Follow Peter Hook via the official website, or the official Facebook page. The live albums are out now via Westworld Recordings.

[Photo: Uncredited promo pic]

Sunday, May 28, 2017

Hopeless In A Trance: A Look At The New Cindy Lee Record

I am a bit late to this release but, really, don't let that diminish the importance of this statement: Malenkost by Cindy Lee is one of the most striking and original albums I've heard so far in 2017. Released on the W.25TH imprint of the Superior Viaduct label a few weeks back, Malenkost is a set of near-otherworldly recordings which are the fruits of the creativity of Patrick Flegel, previously of the Canadian band Women. He has here crafted some incredibly distinctive work, work that defies easy description, frankly.

If "No Worth No Cost" bristles with the slightest hint of the sort of early Joy Division-kind of approach to post-punk, the beautiful-and-strange "Always Lovers" recalls Broadcast, or even tunes from that "Radiator Lady" in Eraserhead (1977). At their best, Cindy Lee can marry discordant noise with more accessible elements to produce something nearly accessible ("Hopeless In A Trance"), while at other times the elements that seem so harsh are put into the service of songs that, like those on the first His Name Is Alive album, skirt at the edges of both ethereal rock and more conventional forms of alt-rock ("I've Seen His Face Before", "A Message From The Aching Sky"). Still, despite the moments of nearly obviously lovely music here on Malenkost, there are others ("Coroner Of The State") that suggest the pervasive and huge influence -- (understandably so, of course) -- of both early Velvet Underground releases, as well as pre-VU John Cale recordings. Similarly, "Death Sentence" near the end of this long-player clearly owes a huge debt to Cale-produced Nico stuff, the icy beauty here positively dripping out of the speakers (or headphones, as may be the case).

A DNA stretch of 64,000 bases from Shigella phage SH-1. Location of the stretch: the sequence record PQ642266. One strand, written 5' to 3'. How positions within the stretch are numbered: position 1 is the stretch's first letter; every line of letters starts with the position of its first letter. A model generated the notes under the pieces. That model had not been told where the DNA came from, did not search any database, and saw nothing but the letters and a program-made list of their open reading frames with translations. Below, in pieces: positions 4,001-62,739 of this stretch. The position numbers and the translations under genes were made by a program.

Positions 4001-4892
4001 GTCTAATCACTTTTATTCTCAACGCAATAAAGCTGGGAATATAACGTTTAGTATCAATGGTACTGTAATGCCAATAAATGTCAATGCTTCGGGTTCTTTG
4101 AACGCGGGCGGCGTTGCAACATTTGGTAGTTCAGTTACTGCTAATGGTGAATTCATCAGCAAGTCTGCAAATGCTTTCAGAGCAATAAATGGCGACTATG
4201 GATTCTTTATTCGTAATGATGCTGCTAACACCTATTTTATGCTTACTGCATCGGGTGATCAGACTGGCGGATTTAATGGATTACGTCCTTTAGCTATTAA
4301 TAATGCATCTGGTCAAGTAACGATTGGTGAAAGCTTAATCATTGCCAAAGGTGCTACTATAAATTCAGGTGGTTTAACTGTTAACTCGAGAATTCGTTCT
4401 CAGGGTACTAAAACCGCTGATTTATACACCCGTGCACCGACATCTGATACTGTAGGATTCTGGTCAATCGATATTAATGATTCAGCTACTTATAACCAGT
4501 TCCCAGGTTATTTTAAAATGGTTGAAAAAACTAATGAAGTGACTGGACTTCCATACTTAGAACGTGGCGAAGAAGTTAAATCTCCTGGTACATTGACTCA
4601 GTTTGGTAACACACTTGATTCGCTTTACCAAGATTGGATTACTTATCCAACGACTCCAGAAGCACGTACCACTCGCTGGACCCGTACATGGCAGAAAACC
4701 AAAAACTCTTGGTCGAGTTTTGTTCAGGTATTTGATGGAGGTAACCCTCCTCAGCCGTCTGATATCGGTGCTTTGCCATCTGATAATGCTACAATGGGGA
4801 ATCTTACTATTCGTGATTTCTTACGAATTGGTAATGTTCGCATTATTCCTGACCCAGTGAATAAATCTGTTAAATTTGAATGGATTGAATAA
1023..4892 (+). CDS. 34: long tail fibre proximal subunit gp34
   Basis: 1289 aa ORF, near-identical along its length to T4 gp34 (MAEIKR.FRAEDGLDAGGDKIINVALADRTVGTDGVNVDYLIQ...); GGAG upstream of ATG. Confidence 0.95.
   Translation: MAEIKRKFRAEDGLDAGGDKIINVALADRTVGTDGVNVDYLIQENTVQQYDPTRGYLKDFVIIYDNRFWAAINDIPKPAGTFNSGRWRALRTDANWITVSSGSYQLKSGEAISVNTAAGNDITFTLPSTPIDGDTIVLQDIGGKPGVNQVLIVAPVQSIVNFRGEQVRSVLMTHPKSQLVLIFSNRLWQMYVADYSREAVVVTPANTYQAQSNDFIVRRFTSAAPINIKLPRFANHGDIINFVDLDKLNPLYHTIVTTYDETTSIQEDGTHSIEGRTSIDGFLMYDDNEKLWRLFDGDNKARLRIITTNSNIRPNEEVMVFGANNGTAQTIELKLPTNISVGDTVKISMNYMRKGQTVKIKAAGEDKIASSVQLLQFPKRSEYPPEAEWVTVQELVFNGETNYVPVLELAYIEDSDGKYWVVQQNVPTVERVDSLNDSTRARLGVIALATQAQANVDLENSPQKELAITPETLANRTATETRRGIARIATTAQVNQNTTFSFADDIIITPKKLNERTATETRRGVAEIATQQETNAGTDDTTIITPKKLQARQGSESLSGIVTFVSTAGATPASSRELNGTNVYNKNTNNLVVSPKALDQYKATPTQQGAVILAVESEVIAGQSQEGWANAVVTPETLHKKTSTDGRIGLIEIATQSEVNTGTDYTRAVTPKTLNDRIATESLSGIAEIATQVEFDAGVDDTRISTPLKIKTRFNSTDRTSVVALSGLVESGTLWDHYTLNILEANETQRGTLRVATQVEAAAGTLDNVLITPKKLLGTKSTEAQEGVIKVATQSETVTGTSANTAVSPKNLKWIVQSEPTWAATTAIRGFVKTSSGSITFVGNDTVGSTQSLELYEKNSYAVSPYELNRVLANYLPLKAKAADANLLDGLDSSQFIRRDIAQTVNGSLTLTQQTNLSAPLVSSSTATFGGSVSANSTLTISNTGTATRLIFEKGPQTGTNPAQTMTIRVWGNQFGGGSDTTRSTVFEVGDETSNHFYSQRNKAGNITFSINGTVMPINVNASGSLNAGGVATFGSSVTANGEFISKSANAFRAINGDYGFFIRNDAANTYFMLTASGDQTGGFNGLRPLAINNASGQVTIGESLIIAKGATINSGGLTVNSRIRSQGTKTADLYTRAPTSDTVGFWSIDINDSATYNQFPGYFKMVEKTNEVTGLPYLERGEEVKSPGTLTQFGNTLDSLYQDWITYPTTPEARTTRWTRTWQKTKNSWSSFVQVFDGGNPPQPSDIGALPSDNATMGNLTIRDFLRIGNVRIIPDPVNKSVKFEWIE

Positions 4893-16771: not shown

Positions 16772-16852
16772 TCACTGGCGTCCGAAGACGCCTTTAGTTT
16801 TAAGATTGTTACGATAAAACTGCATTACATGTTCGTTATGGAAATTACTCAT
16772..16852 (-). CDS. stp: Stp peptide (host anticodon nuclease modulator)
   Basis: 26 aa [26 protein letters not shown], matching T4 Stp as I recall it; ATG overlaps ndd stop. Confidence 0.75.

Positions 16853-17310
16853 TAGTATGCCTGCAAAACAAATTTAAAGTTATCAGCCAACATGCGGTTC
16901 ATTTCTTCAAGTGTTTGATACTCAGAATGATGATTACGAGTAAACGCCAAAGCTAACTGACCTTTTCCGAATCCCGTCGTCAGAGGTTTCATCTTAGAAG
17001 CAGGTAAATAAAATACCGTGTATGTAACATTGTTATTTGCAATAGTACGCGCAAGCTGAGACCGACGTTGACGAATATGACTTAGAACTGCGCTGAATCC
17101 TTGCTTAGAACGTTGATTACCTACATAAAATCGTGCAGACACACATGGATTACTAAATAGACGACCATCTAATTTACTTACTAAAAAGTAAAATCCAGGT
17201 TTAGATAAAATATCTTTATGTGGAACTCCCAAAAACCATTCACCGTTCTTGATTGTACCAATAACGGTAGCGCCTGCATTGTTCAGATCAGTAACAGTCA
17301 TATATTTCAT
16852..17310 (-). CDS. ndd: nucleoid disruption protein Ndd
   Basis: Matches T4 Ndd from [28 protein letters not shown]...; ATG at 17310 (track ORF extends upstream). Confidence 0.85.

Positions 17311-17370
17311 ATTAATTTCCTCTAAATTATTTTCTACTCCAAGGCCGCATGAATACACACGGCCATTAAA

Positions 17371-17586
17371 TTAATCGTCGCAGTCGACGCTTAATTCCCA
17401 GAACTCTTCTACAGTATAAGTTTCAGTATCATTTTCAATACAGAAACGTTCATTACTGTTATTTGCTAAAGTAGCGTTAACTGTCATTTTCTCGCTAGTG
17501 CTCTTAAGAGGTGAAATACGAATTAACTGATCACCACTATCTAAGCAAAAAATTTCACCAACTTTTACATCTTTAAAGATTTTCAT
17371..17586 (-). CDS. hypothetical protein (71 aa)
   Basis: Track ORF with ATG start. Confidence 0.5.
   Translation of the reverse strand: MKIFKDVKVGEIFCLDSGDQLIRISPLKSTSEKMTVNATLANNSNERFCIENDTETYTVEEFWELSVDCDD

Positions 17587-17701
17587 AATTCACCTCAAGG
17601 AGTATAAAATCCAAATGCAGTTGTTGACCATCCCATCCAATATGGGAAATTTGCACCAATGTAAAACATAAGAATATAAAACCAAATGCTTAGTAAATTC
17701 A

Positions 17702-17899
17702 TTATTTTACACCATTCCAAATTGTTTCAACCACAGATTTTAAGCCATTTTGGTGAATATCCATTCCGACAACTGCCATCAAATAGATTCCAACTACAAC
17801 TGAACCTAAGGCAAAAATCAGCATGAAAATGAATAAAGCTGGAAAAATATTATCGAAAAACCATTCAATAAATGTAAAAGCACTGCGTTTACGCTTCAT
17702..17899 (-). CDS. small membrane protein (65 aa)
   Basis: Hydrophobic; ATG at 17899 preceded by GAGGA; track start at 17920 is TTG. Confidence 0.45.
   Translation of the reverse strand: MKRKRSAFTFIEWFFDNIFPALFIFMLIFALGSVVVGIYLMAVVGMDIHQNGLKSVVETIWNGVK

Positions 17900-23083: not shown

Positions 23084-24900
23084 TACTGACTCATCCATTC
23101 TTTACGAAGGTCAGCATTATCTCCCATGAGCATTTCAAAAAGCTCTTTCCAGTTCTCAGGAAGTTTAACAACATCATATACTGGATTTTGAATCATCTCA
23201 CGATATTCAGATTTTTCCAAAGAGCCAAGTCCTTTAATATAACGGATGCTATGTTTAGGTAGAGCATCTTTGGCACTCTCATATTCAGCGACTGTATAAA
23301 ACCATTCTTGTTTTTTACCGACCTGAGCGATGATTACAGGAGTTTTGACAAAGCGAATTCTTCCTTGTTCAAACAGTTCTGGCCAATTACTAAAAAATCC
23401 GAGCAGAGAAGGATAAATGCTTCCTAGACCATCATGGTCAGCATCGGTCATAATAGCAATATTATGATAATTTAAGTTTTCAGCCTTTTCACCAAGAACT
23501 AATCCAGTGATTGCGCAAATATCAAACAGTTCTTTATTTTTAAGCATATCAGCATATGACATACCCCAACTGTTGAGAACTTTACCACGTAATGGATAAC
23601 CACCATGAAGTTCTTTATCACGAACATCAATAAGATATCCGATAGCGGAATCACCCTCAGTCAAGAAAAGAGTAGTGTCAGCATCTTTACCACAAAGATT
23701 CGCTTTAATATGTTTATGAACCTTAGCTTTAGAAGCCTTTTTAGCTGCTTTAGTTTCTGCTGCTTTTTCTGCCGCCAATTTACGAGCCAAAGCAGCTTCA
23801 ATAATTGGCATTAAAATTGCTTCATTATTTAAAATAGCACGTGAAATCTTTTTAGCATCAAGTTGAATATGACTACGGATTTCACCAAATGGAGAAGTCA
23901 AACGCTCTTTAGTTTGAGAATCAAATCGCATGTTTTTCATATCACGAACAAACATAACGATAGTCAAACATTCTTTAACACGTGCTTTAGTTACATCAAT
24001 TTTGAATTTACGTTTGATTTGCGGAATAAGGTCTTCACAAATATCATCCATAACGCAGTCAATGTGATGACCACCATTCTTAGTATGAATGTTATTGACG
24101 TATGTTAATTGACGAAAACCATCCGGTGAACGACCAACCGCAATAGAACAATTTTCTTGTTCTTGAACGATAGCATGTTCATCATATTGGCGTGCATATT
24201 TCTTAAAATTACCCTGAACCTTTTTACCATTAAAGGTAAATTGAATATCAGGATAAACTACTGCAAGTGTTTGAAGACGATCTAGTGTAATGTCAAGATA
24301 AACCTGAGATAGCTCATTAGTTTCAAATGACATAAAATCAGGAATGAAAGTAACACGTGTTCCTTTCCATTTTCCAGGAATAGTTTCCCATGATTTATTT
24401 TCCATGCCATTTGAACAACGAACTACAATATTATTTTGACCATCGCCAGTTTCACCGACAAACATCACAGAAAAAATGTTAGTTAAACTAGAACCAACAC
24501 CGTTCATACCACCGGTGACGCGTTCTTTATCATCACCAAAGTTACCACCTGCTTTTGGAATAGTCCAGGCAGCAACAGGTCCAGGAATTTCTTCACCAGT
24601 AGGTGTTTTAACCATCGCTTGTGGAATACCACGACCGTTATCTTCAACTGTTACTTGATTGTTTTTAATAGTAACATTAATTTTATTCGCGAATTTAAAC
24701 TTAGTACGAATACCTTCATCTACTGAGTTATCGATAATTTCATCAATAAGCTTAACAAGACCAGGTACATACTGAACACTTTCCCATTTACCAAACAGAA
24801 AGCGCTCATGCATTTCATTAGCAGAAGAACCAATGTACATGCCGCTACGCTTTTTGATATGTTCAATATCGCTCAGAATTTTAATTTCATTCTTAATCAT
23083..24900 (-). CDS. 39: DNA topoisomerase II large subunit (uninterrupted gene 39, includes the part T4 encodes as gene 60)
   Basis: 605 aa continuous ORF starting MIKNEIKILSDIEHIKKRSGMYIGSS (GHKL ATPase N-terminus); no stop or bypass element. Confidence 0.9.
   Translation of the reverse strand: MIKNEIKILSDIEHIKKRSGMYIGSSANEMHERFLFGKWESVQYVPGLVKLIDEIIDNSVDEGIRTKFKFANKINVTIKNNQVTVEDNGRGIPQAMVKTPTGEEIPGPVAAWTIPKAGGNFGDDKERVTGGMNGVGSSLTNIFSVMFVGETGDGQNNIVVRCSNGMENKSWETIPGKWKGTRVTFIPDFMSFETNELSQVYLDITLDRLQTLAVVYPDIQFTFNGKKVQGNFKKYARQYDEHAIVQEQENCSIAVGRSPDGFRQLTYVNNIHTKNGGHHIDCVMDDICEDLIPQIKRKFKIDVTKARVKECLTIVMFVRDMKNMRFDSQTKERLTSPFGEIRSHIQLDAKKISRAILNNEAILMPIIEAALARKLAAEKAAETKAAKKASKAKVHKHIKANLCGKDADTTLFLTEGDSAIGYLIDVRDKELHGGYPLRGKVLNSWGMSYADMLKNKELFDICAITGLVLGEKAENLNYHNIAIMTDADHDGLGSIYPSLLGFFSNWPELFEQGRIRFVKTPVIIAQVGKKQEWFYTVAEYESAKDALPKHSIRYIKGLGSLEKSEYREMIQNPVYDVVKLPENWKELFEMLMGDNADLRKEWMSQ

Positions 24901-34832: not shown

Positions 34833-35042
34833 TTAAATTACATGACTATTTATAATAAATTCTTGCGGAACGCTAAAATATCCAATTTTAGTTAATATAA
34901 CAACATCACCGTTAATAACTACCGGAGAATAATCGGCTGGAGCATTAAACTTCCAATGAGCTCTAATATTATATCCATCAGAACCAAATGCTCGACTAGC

In spots, Flegel's approach seems to be a near-avant-garde one, the music harsh on purpose as the more conventional moments are subsumed in clanging noise. At other times, Flegel allows the beauty of the compositions to be highlighted, even as a near-Shaggs-like sense of abandon pervades the performances, however briefly. Malenkost is very nearly impossible to describe, as you've seen if you've read this review, but it remains one of the few truly original releases of the first half of 2017.

Malenkost by Cindy Lee is out now via Superior Viaduct.

[Photo: Superior Viaduct]

Saturday, May 27, 2017

They Know: A Look At The New LP From Steve Kilbey (The Church) And Martin Kennedy (All India Radio)

The new album from Kilbey and Kennedy, Glow And Fade, is the sort of release that builds upon the musical legacy of each player here. Steve Kilbey, of course, was in The Church, and Martin Kennedy is in All India Radio. Both bands make music that has been called space-y, and yet the tunes of each artist are fairly durable pieces of alt-rock craftsmanship. However, the songs here on this new album, out now on Golden Robot Records, are a bit more adventurous and expansive than those that these 2 musicians have released before.